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Fliers wants Southend pilots

With over 21,000 flight hours behind him, Oak Harbor resident Bob Fraser could probably fly a plane with his eyes closed.

Fraser, operations officer and instructor for the Whidbey Island Navy Flying Club at NAS Whidbey, passes his passion for aviation on to aspiring pilots.

The club’s new manager, Oak Harbor resident Eric Miller, hopes to break the perception that the club is only open to Navy, retired Navy personnel or their families. The main requirement for students or pilots who wish to fly in the club must have a membership with the Civil Air Patrol. A patron membership — for those not directly connected to the military — can be purchased for $67 a year.

“We welcome everyone from the other side of the fence,” he said.

Miller, formerly of both the Air Force and Navy, is a student of Fraser himself. The flying club’s manager, a husband, father to three and little league coach -- he can now add pilot to his list.

Another one of the 230 members of the flying club, Fraser has a long list of flight experience. A retired Navy captain who flew in the Vietnam and Korean wars, he is now a frequent flyer, teacher and one of the most invaluable assets to the club, according to Miller. He’s been with the club for 25 years as an instructor, spent 32 years in the Navy and has been flying for over 50 years.

“He’s not teaching from a book, he’s teaching from actual experience,” Miller said.

Pilots have access to fly the club’s 11 planes, which include two Cessna 152s, a Cessna 172, three Piper Cherokee 140s, a Piper Arrow, a 7ECA Citabria, two T-34B Mentors and a Seneca.

The flying club operates under a seven-member board of directors, which oversees the day-to-day operations of the club. The flying club operates under the Navy’s morale, welfare and recreation program, but receives no funding from the Navy. President of the board Walt Spangenberg said safety is something they take seriously, and are proud of their clean record since the club has been in operation since the 1980s.

“We tend to stress safety very very heavily here,” Spangenberg said.

Miller gives most of the credit to the experienced pilots and instructors, who with excellent safety record take students under their wings to teach them the trade.

“We’re just very fortunate to have the staff that we have,” he said.

Miller is currently emphasizing on the flying club’s availability to show non-military Whidbey residents how affordable and accessible flying can be compared to a club off Whidbey Island. Students can earn pilot certification at about 75 percent of the cost at an off-base facility, he said, and save themselves a lot of money.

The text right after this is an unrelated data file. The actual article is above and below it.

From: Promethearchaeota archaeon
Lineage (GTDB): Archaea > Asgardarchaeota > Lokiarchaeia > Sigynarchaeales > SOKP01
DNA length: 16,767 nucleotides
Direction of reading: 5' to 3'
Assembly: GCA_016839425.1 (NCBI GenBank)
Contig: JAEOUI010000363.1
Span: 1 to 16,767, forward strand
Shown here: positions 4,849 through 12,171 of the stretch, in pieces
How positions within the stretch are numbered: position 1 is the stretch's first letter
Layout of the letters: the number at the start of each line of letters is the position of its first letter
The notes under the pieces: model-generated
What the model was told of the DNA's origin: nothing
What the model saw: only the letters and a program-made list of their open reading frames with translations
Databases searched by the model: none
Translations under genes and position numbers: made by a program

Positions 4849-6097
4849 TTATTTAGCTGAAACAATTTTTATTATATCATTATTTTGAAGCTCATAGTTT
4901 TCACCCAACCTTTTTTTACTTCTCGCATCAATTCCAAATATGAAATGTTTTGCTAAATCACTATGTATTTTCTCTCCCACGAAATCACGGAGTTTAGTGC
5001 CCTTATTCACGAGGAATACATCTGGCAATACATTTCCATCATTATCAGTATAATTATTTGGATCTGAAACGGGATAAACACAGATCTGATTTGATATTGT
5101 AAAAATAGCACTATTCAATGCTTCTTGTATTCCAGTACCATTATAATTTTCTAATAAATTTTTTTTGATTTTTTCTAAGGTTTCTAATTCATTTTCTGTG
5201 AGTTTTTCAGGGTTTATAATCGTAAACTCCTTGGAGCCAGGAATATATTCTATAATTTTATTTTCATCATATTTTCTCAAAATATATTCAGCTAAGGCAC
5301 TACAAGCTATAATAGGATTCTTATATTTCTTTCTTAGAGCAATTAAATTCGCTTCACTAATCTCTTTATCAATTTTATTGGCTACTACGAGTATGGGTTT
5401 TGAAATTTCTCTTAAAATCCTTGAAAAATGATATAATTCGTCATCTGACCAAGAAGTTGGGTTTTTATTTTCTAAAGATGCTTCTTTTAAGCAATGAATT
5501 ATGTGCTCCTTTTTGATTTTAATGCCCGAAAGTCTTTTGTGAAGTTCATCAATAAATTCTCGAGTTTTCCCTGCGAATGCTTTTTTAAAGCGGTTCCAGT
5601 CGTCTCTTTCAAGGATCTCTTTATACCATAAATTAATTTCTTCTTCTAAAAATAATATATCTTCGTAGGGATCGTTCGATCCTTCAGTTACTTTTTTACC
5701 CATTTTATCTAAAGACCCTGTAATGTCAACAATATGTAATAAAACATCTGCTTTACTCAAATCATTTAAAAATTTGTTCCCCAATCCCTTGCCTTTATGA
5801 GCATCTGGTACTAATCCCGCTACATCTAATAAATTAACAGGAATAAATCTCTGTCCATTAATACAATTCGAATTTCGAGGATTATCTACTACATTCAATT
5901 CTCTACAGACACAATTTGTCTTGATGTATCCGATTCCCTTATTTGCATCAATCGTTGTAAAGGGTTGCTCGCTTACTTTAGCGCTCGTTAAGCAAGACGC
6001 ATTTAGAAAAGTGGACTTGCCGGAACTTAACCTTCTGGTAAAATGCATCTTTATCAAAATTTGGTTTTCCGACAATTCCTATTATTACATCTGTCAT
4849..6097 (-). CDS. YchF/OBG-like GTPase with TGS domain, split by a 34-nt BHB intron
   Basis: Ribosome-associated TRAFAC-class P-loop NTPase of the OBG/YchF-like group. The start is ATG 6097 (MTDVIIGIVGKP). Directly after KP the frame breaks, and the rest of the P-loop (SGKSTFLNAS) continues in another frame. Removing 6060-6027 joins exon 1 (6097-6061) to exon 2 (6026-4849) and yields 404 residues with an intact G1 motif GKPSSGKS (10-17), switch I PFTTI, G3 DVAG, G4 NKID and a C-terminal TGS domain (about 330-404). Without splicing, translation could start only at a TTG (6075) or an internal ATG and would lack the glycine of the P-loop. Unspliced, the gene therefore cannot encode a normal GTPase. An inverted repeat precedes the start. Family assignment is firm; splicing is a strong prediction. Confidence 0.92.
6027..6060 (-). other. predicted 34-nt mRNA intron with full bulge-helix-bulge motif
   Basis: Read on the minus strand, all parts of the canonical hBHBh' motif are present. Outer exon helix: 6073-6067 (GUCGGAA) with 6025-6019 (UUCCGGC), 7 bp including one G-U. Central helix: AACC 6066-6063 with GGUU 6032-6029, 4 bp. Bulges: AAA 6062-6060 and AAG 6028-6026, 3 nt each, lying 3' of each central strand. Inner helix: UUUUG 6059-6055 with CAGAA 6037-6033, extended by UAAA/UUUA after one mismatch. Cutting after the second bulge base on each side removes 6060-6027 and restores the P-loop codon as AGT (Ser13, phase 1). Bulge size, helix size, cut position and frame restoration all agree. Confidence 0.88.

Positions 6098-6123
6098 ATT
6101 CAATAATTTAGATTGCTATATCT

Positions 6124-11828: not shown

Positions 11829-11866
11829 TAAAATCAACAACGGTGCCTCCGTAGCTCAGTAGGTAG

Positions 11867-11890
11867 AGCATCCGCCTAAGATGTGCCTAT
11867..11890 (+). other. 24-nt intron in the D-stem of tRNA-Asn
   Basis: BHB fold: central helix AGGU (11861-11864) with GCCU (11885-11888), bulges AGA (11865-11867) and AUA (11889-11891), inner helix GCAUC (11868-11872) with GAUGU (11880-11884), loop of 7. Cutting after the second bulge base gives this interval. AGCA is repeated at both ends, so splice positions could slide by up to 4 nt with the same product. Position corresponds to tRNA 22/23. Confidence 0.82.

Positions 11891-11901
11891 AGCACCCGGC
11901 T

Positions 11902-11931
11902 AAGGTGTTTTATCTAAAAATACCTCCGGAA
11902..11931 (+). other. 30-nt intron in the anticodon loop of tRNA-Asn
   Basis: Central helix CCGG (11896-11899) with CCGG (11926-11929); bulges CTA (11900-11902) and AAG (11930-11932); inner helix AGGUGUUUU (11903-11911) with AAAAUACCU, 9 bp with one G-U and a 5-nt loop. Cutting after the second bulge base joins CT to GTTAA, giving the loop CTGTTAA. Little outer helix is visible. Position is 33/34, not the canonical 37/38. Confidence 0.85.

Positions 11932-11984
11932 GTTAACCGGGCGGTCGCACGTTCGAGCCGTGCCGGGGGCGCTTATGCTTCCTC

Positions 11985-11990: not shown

To join the club, members must pay a $50 membership fee and $20 monthly dues, in addition to their CAP membership which is about $67 a year. The hourly aircraft rates range from $50 to $143, which includes fuel.

All of the training is conducted on a one-to-one basis available seven days a week, and students generally receive their license after around 60 hours of flight time. The instructor fee is $22 an hour for flight or ground training.

To get on the base, all club members receive a background check before they are given a special base pass.

Once students receive their license, they are allowed to use any of the club’s planes with or without guests. Miller said club members enjoy the ability to travel around the state, like going to the San Juan islands for the day or weekend camping trips.

“Once you can get to the point where you can solo and you’re on your own the costs go down dramatically,” he said.

Pilots can pay about $20 to $30 more an hour to rent a plane off Whidbey Island, Miller said, plus an additional $20 to $25 more for the flight instruction.

“It comes out to several thousand dollar savings,” he said.

The experience and sense of freedom pilots get is why Miller loves to fly, and as an added bonus, gain the camaraderie and experience of the club’s many pilots.

“It’s not as hard as people partake it to be,” Miller said. “It gives you a real sense of accomplishment when you’re on your own.”

(INFO BOX)

For more info

To learn more about the Whidbey Island Navy Flying Club call 360-679-4359 or e-mail millere@naswi.navy.mil. For more information about the Civil Air Patrol visit their Web site at www.cap.gov.

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Local flight possibilities available to Whidbey Island residents

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